It’s hard to walk around with a last name like “Spielberg” and not have fame nipping at your heels, want it or not. And for a while, Sasha Spielberg did want it. She saw her dad being, well, Steven Spielberg, and she saw her older half sister, the actress Jessica Capshaw, landing roles in shows like “Grey’s Anatomy,” and it all seemed so glamorous.
“But I also was so afraid of it,” the 30-year-old says. She inherited stalkers, which led to paranoia when she was younger, as well as a deep sense of imposter syndrome, despite any individual talents — of which there are many — she may possess.
“I do see myself the way probably most people do, which is like, ‘Oh, celebrity kid making music. Great.’ I felt like I’ve had to prove myself forever, and that’s why I can put myself down and why I constantly do. And it’s humorous, but it’s almost like I can’t walk around feeling myself, ever,” Spielberg says. “I have to always put myself down in some way, because I want to say what everyone else is probably thinking first.”
Despite all of this, Spielberg is giving it a go in the entertainment world, self-doubt be damned, and today releases her debut full-length album, “Spoiled Love,” under the moniker Buzzy Lee. The album is almost entirely inspired by one past relationship — so long ago now that the man has since had a baby — but seen through new light these years later, Spielberg finds it to be a representation of her coming to terms with herself. One of the songs, “Strange Town,” is about the Northern Californian town they used to visit while together, where she slipped into pretending to be the “version of the woman he wanted,” she says.
“Wrapped in woven blankets, no makeup, just us throwing the stick on a beach to the dog, but then there’s no matcha, there’s no Pilates, there’s no martinis with friends.” Now she sees more clearly about the woman she was then, and it doesn’t hurt her to recount through the songs.
“Now I’m just telling a story. I’m not wrapped up in the relationship anymore. I’m just sort of telling stories,” she says.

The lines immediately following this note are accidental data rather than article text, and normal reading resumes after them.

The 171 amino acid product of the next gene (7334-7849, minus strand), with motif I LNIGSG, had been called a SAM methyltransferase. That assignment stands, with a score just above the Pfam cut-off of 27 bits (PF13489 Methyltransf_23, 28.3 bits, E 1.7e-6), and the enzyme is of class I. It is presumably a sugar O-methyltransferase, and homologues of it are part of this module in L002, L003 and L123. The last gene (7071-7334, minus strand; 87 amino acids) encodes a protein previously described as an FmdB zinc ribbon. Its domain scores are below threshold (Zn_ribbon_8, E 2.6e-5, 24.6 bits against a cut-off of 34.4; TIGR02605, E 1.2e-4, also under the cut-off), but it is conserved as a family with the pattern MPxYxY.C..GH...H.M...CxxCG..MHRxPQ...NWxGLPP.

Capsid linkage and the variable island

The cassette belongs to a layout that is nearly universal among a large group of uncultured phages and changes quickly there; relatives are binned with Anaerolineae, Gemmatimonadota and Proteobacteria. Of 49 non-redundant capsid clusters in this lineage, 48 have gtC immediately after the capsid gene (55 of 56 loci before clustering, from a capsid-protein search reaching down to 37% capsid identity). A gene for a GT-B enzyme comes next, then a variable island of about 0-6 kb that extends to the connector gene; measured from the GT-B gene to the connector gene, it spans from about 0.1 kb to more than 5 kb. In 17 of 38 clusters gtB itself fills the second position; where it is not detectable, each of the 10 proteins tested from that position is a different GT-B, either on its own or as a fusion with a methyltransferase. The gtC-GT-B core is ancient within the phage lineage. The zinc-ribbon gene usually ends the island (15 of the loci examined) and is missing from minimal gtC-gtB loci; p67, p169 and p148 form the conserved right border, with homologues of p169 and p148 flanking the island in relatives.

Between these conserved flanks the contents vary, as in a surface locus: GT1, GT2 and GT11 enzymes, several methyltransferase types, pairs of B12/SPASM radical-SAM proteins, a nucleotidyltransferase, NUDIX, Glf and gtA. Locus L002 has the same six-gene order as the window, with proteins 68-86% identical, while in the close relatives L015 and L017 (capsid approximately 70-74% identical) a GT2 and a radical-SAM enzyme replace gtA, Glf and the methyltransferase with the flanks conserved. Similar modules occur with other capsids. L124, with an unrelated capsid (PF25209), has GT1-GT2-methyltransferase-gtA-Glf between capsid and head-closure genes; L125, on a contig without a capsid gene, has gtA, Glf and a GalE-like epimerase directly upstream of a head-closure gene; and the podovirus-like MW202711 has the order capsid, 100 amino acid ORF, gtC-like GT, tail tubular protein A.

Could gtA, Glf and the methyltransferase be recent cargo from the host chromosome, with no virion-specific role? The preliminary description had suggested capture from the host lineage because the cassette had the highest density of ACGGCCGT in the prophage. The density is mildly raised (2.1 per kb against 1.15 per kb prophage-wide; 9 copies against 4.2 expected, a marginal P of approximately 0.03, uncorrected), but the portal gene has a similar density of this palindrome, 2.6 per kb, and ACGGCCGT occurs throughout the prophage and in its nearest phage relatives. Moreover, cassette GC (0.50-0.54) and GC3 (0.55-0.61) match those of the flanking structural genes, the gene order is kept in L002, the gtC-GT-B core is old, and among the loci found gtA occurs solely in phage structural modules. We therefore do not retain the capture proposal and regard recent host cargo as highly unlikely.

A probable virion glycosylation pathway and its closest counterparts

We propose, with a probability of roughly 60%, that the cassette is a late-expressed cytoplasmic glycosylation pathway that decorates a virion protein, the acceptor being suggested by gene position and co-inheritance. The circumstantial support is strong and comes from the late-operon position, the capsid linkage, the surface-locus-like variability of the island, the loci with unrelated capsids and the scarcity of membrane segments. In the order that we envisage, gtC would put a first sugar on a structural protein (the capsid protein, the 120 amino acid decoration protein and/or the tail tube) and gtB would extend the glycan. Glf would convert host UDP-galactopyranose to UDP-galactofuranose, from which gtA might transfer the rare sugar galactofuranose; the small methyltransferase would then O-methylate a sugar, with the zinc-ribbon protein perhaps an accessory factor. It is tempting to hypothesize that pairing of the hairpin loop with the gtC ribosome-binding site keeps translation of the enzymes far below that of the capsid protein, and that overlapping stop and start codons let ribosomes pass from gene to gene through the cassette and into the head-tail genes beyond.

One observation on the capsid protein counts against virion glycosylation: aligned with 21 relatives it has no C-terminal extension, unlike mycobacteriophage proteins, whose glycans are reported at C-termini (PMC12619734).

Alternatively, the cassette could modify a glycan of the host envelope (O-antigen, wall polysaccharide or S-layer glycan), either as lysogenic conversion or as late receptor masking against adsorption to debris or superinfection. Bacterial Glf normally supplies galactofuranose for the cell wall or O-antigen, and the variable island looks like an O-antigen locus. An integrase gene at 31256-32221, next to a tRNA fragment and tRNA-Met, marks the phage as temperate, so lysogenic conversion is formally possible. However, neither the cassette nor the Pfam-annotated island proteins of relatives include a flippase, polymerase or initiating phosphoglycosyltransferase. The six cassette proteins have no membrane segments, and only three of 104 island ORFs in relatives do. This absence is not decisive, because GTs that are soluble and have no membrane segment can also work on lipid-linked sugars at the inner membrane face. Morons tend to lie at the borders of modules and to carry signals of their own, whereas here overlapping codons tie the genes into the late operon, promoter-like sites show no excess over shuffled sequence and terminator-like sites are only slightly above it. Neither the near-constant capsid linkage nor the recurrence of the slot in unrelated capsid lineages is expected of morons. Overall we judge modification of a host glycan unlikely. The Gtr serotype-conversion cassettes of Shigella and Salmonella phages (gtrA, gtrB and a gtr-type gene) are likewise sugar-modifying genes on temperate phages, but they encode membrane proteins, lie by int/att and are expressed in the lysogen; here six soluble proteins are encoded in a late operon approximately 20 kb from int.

Growing up in Los Angeles, Spielberg was always “obsessed” with music, but suffered from stage fright, her voice cracking and hands shaking every time she tried to perform for family around the fire pit on the Fourth of July. She took this as a sign that she didn’t have a future in music, and tried her hand at acting. After arriving at Brown University, where she studied literary arts, she realized her heart wasn’t in acting and joined a band instead, finding strength in numbers.
One summer while home from school, she and her brother Theo started writing music together. Their parents heard one, “Opossum,” and encouraged them to record it. Next thing they knew friends had sent to friends who sent to a friend at NPR, where it wound up being the song of the day. Working as a duo called Brother/Sister, they garnered some attention and set out on a micro tour, which didn’t suit Spielberg.
“My biggest fear was touring. I was so afraid of touring for some reason because I’d seen ‘Almost Famous’ and I thought, ‘I’m so not a night owl. I can’t really drink a lot. I can’t party. Tour is just going to be a bunch of scoundrels partying and missing our departure times,’” she says. And that, by the way, is kind of what it was. “So it felt just so annoying when we toured.”
Band life not for her, she started to develop her own sound as Buzzy Lee, where she can also make the rules about what life on the road looks like (whenever that may resume). The moniker, by the way, is a “mini nickname” mixed with the name of her now-deceased grandmother, with whom she had a “soul connection.” It also serves as a good shield from the child-of-famous-parents thing.
“Well, Spielberg’s sort of taken. I obviously am constantly trying to hide from that, the last name. In pharmacy lines, in TSA, I feel like I’m constantly avoiding the name,” she says of wanting to use a pen name. “I’m so shy about it, and so I wasn’t going to use Spielberg, but also I couldn’t do it because there is a Russian YouTube star who has millions of followers named Sasha Spilberg. So I couldn’t even take my own name if I wanted to.”
Despite listing a number of insecurities, Spielberg seems very in her own skin — and sure of what she wants from a career with potential for spotlight.
“I want to make dog portraits. I want to do music. I want to do [my Twitch show] ‘Gearhead.’ I want to work a lot. I really want to constantly be working,” she says. “What I will say is if I’m out somewhere and someone stops me and they say they love my music, I am so shocked by that. I feel so happy, like I did something right on my own without any help. And that feels great. So if that’s fame…I don’t know. I think I want respect for sure.”
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